Carefully crafted legislation that would end the government's bulk collection of Americans' phone records is under fire after the White House requested last-minute changes that critics say would water down its protections.
A year after Americans learned from National Security Agency contractor Edward Snowden that the NSA was secretly collecting vast amounts of telephone and email data, the House is preparing to vote this week on legislation intended to curtail domestic spying.
Although the bill is likely to pass Thursday, the changes hammered out in secretive negotiations over the last few days between the Obama administration and leaders on Capitol Hill have led some privacy groups and civil libertarians to withdraw their support. They warn that the revisions, including changes to what sort of government data searches would be permitted, could provide loopholes that would allow massive data collection to continue.
"I think it's ironic that a bill that was intended to increase transparency was secretly changed," said Rep. Zoe Lofgren (D-San Jose), a member of the House Judiciary Committee, which crafted the original legislation. "And it was altered in worrisome ways." She said she was unsure how she would vote.
So far, the changes appear modest enough to avoid tanking the bipartisan support needed for passage. But meddling with the accord poses inherent risks in a divided Congress where lawmakers have grown increasingly wary of intelligence operations. An unusual political alliance of liberal Democrats and small-government conservatives has thwarted earlier efforts to expand spy agencies' reach into Americans' private lives.
Many of those lawmakers remained undecided Wednesday, suggesting the final vote could be closer than the White House would like.
The White House insisted Wednesday that the changes were intended to meet the shared goal of the president and Congress to clip the vast collection of bulk "metadata," while ensuring against new directives that would impede routine investigations or efforts to combat terrorism.
Administration officials argued in the closed discussions, often held in the third-floor Capitol suite of House Majority Leader Eric Cantor (R-Va.), that the bill's language originally approved by the judiciary and intelligence committees was drafted too narrowly and could limit non-bulk data collection operations.
"There was no effort to soften the ban on bulk collection," said National Security Council spokeswoman Caitlin Hayden. "Our engagement was to ensure that the language of the USA Freedom Act would not have any unintended consequences for routine individual investigations."
Under the proposed legislation, the Justice Department and intelligence agencies would no longer be allowed to collect from telephone companies vast amounts of so-called metadata, including the times and lengths of calls but not the contents of conversations. Instead they would need to narrow searches by making "specific selection" requests based on certain criteria.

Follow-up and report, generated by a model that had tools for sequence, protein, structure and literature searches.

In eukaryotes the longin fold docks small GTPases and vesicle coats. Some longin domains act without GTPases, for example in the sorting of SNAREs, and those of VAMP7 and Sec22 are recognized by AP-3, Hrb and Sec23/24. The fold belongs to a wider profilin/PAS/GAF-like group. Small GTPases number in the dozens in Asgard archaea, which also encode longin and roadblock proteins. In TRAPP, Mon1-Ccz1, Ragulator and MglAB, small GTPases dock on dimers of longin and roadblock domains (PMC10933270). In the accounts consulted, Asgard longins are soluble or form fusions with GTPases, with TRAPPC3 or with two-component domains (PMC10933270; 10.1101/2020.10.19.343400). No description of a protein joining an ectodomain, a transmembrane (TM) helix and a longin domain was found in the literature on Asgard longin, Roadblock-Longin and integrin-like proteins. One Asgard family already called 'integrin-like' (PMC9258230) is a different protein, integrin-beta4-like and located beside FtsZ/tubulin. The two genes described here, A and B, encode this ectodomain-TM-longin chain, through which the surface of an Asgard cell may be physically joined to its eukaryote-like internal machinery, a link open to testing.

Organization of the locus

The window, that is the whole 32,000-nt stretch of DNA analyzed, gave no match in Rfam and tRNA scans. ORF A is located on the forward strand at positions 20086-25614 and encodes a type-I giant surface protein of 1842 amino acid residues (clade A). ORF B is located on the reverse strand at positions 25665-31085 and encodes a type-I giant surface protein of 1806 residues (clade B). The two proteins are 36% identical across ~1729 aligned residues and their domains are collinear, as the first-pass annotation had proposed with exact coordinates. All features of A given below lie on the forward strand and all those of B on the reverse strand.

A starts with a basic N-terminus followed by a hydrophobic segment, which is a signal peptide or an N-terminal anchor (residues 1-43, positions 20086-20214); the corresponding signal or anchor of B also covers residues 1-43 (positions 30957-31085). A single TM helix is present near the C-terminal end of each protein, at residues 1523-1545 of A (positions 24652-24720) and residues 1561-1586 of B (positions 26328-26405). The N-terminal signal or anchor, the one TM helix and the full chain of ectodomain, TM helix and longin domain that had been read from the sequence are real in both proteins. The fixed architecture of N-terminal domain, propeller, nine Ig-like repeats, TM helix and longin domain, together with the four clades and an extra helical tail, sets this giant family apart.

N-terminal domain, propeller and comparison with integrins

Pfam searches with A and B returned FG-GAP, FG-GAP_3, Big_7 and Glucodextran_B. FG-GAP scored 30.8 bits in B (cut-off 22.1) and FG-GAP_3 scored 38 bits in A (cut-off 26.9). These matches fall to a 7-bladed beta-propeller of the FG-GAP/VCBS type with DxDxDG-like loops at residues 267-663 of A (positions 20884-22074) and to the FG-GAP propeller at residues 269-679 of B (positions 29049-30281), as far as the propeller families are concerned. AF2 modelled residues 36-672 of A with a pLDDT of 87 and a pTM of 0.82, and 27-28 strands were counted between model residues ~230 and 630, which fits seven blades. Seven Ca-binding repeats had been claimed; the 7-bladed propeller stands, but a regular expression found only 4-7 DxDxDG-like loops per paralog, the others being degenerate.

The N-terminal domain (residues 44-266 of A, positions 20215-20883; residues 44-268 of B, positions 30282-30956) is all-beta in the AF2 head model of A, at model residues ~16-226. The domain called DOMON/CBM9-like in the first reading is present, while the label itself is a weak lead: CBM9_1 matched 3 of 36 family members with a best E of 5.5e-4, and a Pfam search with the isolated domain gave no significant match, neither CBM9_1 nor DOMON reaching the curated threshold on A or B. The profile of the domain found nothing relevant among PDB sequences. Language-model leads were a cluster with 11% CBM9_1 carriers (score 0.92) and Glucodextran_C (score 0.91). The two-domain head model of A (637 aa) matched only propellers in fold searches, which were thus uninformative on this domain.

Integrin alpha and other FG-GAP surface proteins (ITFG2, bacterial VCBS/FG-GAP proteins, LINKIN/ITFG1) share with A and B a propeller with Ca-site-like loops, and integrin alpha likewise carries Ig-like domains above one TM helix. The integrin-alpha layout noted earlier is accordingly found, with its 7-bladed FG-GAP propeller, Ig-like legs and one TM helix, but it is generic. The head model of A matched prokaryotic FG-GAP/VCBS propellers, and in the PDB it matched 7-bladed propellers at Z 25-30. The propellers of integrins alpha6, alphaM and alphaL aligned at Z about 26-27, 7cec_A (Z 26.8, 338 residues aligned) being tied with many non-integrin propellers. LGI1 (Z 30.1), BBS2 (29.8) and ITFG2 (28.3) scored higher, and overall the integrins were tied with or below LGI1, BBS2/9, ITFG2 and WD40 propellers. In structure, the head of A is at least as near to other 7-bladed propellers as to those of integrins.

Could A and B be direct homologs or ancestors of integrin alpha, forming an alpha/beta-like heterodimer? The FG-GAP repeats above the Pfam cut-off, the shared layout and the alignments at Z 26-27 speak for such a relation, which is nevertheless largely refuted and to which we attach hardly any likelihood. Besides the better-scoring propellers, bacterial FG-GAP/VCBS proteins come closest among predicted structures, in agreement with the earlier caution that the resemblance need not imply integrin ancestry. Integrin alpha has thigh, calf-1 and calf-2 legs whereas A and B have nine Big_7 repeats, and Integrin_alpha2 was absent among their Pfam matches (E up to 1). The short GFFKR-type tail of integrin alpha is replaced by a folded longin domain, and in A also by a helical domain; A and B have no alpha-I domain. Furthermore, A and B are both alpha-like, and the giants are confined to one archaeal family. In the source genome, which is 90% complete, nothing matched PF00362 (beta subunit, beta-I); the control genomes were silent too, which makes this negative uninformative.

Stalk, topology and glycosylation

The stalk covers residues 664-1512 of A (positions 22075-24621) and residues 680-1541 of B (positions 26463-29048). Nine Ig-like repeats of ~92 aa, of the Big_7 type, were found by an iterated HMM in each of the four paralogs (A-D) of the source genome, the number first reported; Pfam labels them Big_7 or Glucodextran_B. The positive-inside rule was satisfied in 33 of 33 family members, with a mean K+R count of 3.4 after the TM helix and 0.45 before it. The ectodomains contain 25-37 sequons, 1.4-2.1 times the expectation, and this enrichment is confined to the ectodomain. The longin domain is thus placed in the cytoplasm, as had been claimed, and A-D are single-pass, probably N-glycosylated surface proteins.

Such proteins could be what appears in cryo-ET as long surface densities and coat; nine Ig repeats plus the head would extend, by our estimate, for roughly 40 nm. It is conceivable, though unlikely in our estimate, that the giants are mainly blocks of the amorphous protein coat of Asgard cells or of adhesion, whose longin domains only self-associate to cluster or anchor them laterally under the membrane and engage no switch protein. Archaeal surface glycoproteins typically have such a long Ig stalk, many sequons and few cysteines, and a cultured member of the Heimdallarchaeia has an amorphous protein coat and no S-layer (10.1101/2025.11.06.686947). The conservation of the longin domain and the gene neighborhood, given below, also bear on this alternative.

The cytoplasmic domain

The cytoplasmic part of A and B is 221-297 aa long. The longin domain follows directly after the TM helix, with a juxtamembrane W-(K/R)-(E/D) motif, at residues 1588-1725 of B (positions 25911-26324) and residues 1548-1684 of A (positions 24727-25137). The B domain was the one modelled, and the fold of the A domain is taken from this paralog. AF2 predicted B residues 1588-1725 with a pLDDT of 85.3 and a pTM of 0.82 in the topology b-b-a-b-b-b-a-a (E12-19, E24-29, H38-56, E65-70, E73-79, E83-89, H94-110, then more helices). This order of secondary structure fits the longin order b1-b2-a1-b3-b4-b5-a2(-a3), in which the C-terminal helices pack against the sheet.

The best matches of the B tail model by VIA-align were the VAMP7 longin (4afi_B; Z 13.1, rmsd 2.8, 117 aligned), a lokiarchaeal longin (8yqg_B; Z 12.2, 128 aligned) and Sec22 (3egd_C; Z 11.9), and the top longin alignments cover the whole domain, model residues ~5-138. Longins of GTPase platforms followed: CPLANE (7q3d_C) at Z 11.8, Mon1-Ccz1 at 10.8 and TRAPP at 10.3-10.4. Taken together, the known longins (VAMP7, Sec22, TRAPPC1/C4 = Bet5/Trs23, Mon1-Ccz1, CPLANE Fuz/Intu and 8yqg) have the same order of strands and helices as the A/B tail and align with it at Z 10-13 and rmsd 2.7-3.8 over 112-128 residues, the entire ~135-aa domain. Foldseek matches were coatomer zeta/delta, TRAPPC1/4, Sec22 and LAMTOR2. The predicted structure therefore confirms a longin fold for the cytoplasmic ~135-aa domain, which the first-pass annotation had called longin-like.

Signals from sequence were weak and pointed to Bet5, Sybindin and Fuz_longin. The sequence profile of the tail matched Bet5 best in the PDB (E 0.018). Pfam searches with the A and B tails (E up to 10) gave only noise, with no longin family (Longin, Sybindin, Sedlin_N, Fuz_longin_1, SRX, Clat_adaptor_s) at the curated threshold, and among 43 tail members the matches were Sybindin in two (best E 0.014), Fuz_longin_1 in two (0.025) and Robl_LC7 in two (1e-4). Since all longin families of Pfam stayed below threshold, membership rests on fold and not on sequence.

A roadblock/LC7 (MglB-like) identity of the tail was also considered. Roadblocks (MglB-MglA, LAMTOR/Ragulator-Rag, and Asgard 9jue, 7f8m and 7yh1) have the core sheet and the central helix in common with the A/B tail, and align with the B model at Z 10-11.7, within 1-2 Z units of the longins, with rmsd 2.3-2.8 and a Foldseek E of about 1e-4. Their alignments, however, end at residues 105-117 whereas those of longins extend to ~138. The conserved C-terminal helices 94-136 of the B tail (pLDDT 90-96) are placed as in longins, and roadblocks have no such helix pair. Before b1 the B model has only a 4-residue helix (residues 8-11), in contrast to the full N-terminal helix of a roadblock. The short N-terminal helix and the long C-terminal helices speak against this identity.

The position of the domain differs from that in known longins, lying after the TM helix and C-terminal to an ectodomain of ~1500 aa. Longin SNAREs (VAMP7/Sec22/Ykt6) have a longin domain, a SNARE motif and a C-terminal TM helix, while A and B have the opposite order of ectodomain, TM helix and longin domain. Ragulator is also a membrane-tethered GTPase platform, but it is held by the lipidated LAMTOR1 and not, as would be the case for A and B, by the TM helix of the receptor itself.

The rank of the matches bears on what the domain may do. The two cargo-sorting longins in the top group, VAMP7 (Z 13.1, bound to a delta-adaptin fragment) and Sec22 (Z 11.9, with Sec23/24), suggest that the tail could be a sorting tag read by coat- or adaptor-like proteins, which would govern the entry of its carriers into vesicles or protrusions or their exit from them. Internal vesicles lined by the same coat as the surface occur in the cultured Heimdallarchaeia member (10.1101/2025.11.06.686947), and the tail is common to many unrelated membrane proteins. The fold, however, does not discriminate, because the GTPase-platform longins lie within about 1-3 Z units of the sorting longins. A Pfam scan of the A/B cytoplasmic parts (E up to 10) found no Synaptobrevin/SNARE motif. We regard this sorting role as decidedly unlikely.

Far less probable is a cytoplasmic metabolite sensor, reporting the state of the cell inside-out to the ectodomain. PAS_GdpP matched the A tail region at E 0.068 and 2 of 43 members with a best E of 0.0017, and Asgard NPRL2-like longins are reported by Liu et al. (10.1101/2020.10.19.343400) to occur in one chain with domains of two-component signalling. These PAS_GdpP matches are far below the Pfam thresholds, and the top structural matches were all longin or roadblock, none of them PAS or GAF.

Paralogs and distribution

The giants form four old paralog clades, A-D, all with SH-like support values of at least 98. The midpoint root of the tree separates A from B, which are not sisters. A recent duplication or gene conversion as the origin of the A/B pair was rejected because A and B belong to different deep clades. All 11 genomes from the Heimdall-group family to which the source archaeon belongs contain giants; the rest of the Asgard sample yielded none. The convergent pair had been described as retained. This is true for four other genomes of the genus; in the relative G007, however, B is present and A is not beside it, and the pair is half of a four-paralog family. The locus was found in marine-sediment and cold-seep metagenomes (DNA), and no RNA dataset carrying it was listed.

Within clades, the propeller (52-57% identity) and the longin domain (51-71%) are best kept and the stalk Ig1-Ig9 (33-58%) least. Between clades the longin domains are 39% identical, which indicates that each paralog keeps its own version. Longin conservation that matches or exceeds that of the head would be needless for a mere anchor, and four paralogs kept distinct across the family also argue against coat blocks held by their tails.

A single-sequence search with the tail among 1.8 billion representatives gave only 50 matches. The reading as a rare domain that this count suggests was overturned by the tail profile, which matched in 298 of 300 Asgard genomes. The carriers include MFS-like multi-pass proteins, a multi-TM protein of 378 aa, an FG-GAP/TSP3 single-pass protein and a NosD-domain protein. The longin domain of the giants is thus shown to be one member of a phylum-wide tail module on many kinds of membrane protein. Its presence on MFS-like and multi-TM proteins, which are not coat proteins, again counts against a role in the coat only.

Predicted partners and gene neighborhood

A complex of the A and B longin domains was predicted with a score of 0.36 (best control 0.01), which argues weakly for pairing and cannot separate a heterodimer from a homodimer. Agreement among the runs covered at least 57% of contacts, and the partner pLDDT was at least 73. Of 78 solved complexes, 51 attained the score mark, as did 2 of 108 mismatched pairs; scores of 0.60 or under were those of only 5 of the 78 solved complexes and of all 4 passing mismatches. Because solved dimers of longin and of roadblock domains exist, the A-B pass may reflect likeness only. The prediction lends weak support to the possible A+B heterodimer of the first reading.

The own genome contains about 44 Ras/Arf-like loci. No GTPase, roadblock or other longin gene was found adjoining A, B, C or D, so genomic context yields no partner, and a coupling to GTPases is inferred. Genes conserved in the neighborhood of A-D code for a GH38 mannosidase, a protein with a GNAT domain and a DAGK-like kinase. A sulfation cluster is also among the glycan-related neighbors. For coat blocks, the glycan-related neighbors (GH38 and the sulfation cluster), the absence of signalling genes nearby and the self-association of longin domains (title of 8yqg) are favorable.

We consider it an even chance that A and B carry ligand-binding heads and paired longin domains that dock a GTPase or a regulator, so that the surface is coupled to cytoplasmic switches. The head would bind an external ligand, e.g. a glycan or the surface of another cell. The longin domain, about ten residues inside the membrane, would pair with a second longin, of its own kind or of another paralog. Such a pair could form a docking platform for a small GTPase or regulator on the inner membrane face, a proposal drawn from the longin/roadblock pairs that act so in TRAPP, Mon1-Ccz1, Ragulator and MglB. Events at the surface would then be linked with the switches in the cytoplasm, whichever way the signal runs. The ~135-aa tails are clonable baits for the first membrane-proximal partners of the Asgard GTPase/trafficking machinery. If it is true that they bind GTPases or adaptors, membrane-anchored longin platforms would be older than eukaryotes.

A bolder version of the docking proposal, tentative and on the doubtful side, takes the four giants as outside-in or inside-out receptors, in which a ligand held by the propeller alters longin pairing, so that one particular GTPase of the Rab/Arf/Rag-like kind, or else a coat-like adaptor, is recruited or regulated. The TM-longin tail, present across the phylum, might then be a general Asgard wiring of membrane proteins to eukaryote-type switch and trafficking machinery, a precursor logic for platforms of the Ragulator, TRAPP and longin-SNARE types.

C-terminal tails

The bill would also require the government to seek a Foreign Intelligence Surveillance Act court order for any such requests — with an exception for emergencies that would allow data collection up to seven days before approval must be sought.
But at the request of the White House, the definition of "specific selection" was changed. Initially, a search would have been required to uniquely describe a "person, entity or account."
The White House complained that the definition was too narrow and would impede even routine investigations. The new language more broadly defines "specific selection" as a "discrete term, such as a term specifically identifying a person, entity, account, address or device."
Mark Jaycox, a legislative analyst at the Electronic Frontier Foundation, said the addition of the words "such as" make the new language "too expansive" and would allow "for much broader orders than privacy advocates are envisioning."
The American Civil Liberties Union said the new bill "leaves much to be desired."
In the Democratic-controlled Senate, which is considering its own version of the bill, similar bipartisan objections have been raised.
The top Republican on the Senate Intelligence Committee, Sen. Saxby Chambliss of Georgia, said he was concerned about the new version, and Sen. Patrick J. Leahy (D-Vt.), chairman of the Senate Judiciary Committee, said he would seek to restore certain provisions.
Those familiar with the negotiations said the lawmakers won key concessions from the administration in return for the changes — including the appointment of advocates who can review FISA court decisions.
The government would also be required to "promptly" destroy any material collected that was deemed irrelevant to an investigation rather than be allowed to retain it indefinitely.
The bill also contains liability protections for companies that furnish information to the government, and says those firms can be compensated for their services.